holding that the court would not set aside an award where the administrative law judge's findings were implicitSummary of this case from Pinetop Truck Equip. v. Indus. Com'n
December 16, 1985.
Appeal from the Industrial Commission, ICA Claim No. 526-76-6238.
John Day, Phoenix, for petitioners.
Dennis P. Kavanaugh, Chief Counsel, The Indus. Comm'n, Phoenix, for respondent.
Charles M. Wilmer, P.C. by Charles M. Wilmer, Phoenix, for respondent employee.
O'Connor, Cavanagh, Anderson, Westover, Killingsworth Beshears by Larry Smith, Donald Cross, and Lisa Sommer, Phoenix, for respondent carrier.
Lewis and Roca by R. Kent Klein, Merton Marks, and Todd Lundmark, Phoenix, for respondents Pearce Sons and Western Fire Ins. Co.
We granted the petitions of Western Fire Insurance Company and Industrial Indemnity for review of the decision and opinion of the court of appeals, Pearce v. Industrial Commission, 147 Ariz. 598, 712 P.2d 445 (1985), which set aside an award granting reopening of the applicant's first claim and denying compensability of applicant's second claim. The facts of the case are set forth in the opinion of the court of appeals. We have jurisdiction pursuant to art 6, § 5( 3) of the Arizona Constitution, A.R.S. § 12-120.24 and Rule 23, Ariz.R.Civ. App.P., 17A A.R.S.
We believe that the court of appeals' discussion of Arizona's law of successive injury as set out in Dutton v. Industrial Commission, 140 Ariz. 448, 682 P.2d 453 (App. 1984), Professional Furniture Service v. Industrial Commission, 133 Ariz. 206, 650 P.2d 508 (App. 1982), and O'Donnell v. Industrial Commission, 125 Ariz. 358, 609 P.2d 1058 (App. 1979), is well-reasoned and thorough.
We do not, however, agree with the decision of the court of appeals as to the disposition of this case. The court of appeals noted that there was a conflict in the medical evidence stating:
Dr. Kaplan testified that the claimant's heavy work accelerated the degeneration. Such a work-related acceleration is an independently compensable injury. On the other hand, Dr. Moczynski testified that the disabling degeneration would have occurred even if the claimant had not worked.
While correctly conceding that the administrative law judge and the commission have the sole duty to resolve conflicts in the evidence, the court of appeals stated:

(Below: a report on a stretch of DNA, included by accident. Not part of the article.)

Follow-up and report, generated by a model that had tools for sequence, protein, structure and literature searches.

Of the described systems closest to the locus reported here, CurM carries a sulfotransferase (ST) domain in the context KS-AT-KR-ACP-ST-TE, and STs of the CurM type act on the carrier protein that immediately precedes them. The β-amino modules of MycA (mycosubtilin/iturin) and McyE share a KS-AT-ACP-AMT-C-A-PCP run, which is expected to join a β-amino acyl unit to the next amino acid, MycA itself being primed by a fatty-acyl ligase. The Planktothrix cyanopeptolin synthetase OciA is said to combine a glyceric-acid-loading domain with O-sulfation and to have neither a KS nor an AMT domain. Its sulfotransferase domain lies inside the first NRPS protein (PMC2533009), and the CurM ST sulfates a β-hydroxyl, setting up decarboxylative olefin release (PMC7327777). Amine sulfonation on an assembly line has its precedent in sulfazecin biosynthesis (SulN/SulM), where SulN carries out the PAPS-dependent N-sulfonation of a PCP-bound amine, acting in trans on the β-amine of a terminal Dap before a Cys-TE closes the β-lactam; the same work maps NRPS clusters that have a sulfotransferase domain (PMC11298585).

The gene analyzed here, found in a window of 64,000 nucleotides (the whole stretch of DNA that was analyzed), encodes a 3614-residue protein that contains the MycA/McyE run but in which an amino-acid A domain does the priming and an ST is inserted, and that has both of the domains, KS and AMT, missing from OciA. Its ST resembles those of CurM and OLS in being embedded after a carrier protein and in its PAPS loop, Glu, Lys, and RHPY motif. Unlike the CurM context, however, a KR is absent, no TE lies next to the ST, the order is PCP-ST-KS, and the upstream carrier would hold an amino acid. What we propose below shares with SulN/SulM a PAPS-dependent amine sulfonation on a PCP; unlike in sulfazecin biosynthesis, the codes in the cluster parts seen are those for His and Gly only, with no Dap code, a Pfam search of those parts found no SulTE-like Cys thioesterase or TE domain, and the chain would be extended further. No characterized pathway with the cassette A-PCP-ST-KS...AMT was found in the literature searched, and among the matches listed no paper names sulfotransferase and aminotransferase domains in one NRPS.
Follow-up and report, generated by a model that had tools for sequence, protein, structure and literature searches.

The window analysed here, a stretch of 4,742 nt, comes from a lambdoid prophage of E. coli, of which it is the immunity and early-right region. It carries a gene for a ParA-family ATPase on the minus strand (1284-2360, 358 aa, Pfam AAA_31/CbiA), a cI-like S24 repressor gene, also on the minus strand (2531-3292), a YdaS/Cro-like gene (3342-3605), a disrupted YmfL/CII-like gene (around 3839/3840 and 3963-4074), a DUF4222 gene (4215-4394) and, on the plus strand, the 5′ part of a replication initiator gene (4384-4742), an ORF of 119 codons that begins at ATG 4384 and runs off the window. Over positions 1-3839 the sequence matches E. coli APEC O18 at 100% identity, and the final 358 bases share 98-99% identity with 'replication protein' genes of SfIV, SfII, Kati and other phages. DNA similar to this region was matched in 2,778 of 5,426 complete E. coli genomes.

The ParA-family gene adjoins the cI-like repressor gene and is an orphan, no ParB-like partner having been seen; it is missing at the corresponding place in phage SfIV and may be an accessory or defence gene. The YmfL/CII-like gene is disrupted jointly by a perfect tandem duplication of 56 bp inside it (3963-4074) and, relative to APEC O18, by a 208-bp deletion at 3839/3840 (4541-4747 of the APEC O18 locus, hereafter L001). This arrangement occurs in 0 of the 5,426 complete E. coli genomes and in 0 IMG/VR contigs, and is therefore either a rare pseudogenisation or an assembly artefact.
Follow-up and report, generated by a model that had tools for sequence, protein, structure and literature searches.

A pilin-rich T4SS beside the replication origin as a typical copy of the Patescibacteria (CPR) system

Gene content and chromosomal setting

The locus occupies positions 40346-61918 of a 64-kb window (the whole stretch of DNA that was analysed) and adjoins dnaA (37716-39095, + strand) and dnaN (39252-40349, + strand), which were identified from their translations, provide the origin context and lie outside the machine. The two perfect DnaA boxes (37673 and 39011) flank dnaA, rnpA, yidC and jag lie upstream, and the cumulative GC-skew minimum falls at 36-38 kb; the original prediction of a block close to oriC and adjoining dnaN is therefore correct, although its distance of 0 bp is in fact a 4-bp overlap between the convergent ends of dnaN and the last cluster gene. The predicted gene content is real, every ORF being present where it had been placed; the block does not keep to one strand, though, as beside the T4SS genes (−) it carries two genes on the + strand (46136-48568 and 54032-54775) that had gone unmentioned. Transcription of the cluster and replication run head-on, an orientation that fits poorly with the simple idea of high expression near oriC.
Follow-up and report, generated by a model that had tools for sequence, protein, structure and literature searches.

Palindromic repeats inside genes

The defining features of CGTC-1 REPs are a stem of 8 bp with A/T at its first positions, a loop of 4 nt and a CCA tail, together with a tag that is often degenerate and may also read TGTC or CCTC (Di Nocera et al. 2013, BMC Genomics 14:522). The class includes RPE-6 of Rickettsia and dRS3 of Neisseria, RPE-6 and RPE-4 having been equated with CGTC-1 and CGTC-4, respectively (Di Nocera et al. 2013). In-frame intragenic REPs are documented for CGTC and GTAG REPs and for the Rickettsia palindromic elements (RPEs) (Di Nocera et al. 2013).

Unfortunately, in the present case the administrative law judge failed to resolve this conflict. Rather, he focused on the unanimous opinion that the claimant's work was injurious only because of the first injury. The findings therefore are inadequate for us to determine whether O'Donnell is distinguishable.
We do not agree. The administrative law judge's acceptance of Dr. Moczynski's testimony is implicit in the award. First, the administrative law judge specifically stated the rule that any conflicts in the evidence are to be resolved by the commission sitting as the trier of fact. Second, the administrative law judge considered the three successive-injury cases discussed by the court. Third, the administrative law judge found that the claimant's injury was not a new injury. The administrative law judge could not have reached the result he did unless he also had resolved the conflict in the medical evidence.
It would appear that what troubled the court of appeals was the failure of the administrative law judge to be more specific in his findings. This is not the first time the court of appeals has had this problem. In a previous case, the court of appeals in a memorandum decision set aside an award stating:
The problem with the present case is that the administrative law judge did not rely on any of these alleged changes in claimant's condition in reopening the claim. There is no finding in the award in which the administrative law judge determined that a specific change in condition actually occurred. He notes only that the need to remove the right testicle was not brought to the claimant's attention prior to 1980 and concludes that "such medically determined requirement [the surgery] arose after the prior reopening denial date thereby making it a new, additional or previously undiscovered disability from the October 3, 1977 incident of the injury." This is the only physical "condition" expressly relied on by the administrative law judge in reopening the claim.
In vacating that memorandum opinion, we stated:
Although the administrative law judge could have been more helpful by specifically stating the basis for reopening, failure to do this was not fatal. The record supports the administrative law judge's ultimate finding that there was "medical evidence of additional disability." Workmen's compensation statutes are given a liberal interpretation in favor of the workman. Pascucci v. Industrial Commission, 126 Ariz. 442, 444, 616 P.2d 902, 904 (App. 1980). Even though the wording of the award is not a model of clarity, the facts as gleaned from the record indicate, as noted above, a new or additional condition compared to the awards of 1977 and 1978. The administrative law judge's finding is indeed reasonably supported by the record.
The opinion of the court of appeals as it relates to the law of successive injury in Arizona is approved and adopted by this court. The decision setting aside the award of the industrial commission is vacated and the award of the commission is affirmed.
HOLOHAN, C.J., GORDON, V.C.J., and HAYS and FELDMAN, JJ., concur.